Tocochromanols were analysed by HPLC following the procedure described in [33] with slight alterations. Briefly, 20 mg of freeze-dried and ground seeds was extracted three times in 1 ml ice-cold heptane by vortexing for 20 s and centrifugation at 13 000×g for 20 min at 4°C. The combined supernatants were re-centrifuged at 13 000×g for 20 min at 4°C prior to separation on a reversed-phase column (LC-Diol, 250 × 4.6 mm i.d., 5 µm particle size, Supelco Analytical, Supelcosil) and detection (fluorescence excitation: 295 nm, emission: 325 nm). To quantify high and low abundant tocochromanols, 10 and 70 µl of extract were injected, respectively, that were identified and quantified against individual tocopherol and tocotrienol standards.

Colorimetric analysis of GR activity

30 mg of freeze-dried and ground seed material was suspended in 1 ml of ice-cold hexane to remove interfering lipids and centrifuged at 6000×g for 15 min. After discarding the hexane, the pellet was rinsed in fresh hexane and air-dried before the seed powder was dissolved in 700 µl Sorensen's phosphate buffer (pH = 7.8), containing a protease inhibitor. The samples were centrifuged at 20 000×g for 15 min at 4°C, the supernatant was collected and re-centrifuged for 15 min at 20 000×g. Proteins were precipitated over 1 h at −20°C with 1.4 ml 100% acetone added directly to the extract. Proteins were collected by centrifugation for 10 min at 6000×g and 4°C and the acetone was discarded. The step was repeated with 80% acetone. After air-drying the protein pellet, it was suspended in 800 µl of Sorensen's phosphate buffer (pH 7.8) and 30 µl protease inhibitor cocktail used immediately. Enzyme kinetics was measured using a PerkinElmer spectrophotometer (Lambda 800 UV/VIS Spectrometer) with a cuvette holder maintained at 25°C. GR was measured by the decrease in absorbance at 340 nm (ε= 6.22 mM−1 cm−1) with 0.083 mM GSSG, 0.083 mM NADPH and 200 µl enzyme extract in a total reaction volume of 600 µl in 0.05 M Sorenson's buffer at pH 7.8.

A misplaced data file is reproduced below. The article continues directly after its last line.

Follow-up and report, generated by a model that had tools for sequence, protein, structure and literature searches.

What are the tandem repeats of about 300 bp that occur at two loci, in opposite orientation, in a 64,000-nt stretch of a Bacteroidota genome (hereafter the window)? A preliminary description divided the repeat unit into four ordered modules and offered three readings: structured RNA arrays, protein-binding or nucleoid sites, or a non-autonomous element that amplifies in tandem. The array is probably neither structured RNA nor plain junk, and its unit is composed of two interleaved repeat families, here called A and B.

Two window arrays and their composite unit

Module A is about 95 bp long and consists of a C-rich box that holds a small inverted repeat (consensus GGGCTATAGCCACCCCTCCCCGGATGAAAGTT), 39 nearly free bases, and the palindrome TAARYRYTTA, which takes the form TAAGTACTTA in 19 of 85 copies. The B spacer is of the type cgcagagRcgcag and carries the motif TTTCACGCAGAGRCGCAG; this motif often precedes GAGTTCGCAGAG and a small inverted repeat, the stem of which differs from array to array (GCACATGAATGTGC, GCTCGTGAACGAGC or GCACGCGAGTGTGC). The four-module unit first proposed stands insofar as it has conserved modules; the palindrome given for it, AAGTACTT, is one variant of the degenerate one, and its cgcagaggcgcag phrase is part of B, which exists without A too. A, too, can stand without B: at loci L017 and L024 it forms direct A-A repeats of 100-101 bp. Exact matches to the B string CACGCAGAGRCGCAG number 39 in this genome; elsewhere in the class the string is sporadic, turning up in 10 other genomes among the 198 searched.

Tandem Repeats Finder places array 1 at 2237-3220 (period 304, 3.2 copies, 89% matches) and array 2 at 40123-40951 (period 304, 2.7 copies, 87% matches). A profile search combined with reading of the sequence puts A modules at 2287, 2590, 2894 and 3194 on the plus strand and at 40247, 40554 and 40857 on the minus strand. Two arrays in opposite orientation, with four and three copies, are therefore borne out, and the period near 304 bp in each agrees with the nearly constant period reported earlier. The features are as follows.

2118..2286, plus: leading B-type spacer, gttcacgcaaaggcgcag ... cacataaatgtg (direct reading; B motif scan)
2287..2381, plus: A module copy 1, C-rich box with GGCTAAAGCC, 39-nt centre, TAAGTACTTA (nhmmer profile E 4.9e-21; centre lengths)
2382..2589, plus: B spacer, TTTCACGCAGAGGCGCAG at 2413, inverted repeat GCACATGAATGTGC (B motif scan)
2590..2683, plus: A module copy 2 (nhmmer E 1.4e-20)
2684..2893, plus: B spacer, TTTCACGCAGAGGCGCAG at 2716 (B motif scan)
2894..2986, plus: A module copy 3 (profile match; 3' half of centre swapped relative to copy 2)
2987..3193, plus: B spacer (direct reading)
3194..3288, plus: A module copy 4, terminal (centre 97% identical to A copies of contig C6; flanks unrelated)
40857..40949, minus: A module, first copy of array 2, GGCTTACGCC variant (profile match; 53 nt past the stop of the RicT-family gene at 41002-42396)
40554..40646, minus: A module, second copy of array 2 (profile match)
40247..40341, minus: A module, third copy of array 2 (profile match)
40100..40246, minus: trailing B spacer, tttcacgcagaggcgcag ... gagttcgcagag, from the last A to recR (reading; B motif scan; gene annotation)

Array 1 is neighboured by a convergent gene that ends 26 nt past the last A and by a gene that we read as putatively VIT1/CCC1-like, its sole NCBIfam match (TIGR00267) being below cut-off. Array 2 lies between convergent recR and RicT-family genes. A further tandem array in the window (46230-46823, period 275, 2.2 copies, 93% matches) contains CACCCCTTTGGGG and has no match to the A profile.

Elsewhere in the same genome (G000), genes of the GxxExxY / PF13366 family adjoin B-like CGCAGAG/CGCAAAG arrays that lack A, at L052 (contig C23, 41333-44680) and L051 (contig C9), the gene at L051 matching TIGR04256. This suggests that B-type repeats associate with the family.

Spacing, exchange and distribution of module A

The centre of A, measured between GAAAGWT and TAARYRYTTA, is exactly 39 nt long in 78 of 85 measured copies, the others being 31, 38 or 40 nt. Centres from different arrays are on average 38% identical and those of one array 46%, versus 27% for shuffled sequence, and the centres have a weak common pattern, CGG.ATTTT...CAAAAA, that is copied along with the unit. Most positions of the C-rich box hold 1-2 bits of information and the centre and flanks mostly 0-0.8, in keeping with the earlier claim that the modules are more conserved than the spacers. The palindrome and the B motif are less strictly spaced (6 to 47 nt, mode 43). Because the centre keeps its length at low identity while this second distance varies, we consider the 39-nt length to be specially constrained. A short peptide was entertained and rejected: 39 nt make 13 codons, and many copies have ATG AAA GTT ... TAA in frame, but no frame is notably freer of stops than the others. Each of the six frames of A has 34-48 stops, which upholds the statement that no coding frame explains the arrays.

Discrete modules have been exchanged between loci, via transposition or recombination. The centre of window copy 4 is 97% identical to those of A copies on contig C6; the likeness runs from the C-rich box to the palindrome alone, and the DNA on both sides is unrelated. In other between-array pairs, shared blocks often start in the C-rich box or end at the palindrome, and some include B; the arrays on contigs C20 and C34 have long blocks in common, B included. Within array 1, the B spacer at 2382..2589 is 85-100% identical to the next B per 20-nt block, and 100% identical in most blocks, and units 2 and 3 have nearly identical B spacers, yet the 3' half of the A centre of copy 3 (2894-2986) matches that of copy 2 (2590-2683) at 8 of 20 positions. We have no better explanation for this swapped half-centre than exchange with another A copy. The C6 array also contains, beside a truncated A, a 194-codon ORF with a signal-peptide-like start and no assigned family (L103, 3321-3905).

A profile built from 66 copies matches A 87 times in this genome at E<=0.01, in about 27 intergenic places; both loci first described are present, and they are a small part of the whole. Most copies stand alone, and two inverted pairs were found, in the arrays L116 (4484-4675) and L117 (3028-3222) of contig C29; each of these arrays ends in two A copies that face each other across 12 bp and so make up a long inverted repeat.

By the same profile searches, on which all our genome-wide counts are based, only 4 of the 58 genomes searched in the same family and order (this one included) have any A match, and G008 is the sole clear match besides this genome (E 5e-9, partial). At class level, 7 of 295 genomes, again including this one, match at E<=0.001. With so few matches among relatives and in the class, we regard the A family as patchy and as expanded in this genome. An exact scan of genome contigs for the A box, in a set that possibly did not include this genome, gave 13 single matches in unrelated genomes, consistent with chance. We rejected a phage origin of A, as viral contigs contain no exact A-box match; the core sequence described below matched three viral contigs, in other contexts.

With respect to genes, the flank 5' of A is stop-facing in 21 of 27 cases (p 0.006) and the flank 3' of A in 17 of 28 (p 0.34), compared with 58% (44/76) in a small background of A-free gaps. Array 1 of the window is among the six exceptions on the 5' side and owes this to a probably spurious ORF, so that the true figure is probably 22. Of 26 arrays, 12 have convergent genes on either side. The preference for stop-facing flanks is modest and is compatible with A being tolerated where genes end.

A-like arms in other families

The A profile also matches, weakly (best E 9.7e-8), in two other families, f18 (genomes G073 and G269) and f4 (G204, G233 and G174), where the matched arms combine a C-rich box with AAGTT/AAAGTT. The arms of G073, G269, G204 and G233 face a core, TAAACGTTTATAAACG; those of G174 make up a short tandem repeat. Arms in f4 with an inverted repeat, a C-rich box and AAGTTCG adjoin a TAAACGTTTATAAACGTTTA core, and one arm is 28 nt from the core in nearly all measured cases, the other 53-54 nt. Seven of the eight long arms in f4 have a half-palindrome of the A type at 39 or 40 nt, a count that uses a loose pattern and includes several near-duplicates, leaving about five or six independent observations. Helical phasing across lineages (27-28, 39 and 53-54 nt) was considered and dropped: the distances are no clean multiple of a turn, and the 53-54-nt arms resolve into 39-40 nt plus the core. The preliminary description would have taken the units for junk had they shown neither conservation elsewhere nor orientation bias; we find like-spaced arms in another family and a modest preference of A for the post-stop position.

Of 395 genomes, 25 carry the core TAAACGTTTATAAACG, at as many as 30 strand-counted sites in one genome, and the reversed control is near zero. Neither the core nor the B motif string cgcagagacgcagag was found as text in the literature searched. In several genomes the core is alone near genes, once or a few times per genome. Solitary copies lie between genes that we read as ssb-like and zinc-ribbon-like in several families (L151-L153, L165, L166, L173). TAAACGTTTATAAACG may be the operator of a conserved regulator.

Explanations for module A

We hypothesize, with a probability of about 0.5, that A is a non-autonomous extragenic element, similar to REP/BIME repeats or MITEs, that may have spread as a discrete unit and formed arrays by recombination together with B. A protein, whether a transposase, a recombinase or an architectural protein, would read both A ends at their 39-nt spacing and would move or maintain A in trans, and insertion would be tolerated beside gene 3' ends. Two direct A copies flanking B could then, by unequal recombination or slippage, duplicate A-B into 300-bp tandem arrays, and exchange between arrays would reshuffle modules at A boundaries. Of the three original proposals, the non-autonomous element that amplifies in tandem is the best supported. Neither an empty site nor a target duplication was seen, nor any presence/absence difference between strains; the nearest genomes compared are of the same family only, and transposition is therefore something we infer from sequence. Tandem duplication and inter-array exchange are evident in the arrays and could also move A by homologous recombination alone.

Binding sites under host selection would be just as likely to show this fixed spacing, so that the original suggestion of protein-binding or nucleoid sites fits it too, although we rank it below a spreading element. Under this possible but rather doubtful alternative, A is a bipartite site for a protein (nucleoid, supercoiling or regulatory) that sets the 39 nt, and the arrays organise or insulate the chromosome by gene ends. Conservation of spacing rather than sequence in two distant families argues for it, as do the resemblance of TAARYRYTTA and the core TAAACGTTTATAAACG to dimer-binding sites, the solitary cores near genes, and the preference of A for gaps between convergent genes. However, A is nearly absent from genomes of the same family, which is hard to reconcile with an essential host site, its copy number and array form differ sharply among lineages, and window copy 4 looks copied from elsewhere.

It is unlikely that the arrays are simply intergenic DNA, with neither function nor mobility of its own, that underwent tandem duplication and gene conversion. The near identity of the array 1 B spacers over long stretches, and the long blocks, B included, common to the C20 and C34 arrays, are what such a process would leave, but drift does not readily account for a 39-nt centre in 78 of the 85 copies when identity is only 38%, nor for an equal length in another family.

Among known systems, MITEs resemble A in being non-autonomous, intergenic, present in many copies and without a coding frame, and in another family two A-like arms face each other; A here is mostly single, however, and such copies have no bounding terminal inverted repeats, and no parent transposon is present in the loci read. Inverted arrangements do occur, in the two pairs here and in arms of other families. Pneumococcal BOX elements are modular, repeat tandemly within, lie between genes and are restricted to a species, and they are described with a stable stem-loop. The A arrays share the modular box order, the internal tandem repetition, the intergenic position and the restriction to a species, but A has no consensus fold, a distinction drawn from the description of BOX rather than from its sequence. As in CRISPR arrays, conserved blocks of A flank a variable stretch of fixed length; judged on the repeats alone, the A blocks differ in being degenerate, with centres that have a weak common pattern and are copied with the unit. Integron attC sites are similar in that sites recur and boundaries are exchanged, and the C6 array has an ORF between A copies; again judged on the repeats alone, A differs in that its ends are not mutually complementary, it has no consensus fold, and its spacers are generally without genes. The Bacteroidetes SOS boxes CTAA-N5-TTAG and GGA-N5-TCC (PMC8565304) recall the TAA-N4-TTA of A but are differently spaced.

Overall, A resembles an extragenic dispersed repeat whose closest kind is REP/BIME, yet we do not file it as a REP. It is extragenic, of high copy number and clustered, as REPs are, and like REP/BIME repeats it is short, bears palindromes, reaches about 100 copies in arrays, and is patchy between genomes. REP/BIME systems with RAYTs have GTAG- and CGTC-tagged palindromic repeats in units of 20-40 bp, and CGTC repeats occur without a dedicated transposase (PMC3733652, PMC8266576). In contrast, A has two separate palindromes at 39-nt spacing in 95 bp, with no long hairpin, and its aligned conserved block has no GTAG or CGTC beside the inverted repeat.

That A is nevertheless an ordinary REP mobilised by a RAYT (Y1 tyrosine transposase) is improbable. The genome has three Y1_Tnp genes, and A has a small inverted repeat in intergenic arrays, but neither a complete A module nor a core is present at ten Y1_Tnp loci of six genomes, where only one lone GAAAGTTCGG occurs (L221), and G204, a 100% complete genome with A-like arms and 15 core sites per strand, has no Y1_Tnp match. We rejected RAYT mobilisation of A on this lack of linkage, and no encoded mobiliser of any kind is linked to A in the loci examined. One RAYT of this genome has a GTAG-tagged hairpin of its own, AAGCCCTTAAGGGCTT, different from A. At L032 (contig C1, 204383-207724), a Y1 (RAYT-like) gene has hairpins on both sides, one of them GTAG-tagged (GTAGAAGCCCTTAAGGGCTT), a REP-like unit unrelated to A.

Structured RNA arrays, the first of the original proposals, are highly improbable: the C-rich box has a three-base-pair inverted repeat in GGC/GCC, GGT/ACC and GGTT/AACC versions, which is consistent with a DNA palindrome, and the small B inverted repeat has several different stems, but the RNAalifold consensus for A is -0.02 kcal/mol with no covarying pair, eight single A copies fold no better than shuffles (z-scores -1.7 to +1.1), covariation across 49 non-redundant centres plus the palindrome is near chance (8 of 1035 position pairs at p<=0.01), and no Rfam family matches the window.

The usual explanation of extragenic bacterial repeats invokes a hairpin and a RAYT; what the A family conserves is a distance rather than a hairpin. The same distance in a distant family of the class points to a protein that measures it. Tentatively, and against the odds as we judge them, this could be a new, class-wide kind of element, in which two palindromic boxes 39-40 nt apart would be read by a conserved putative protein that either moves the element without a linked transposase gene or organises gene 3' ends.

Gas chromatography–mass spectrometry analysis of FAs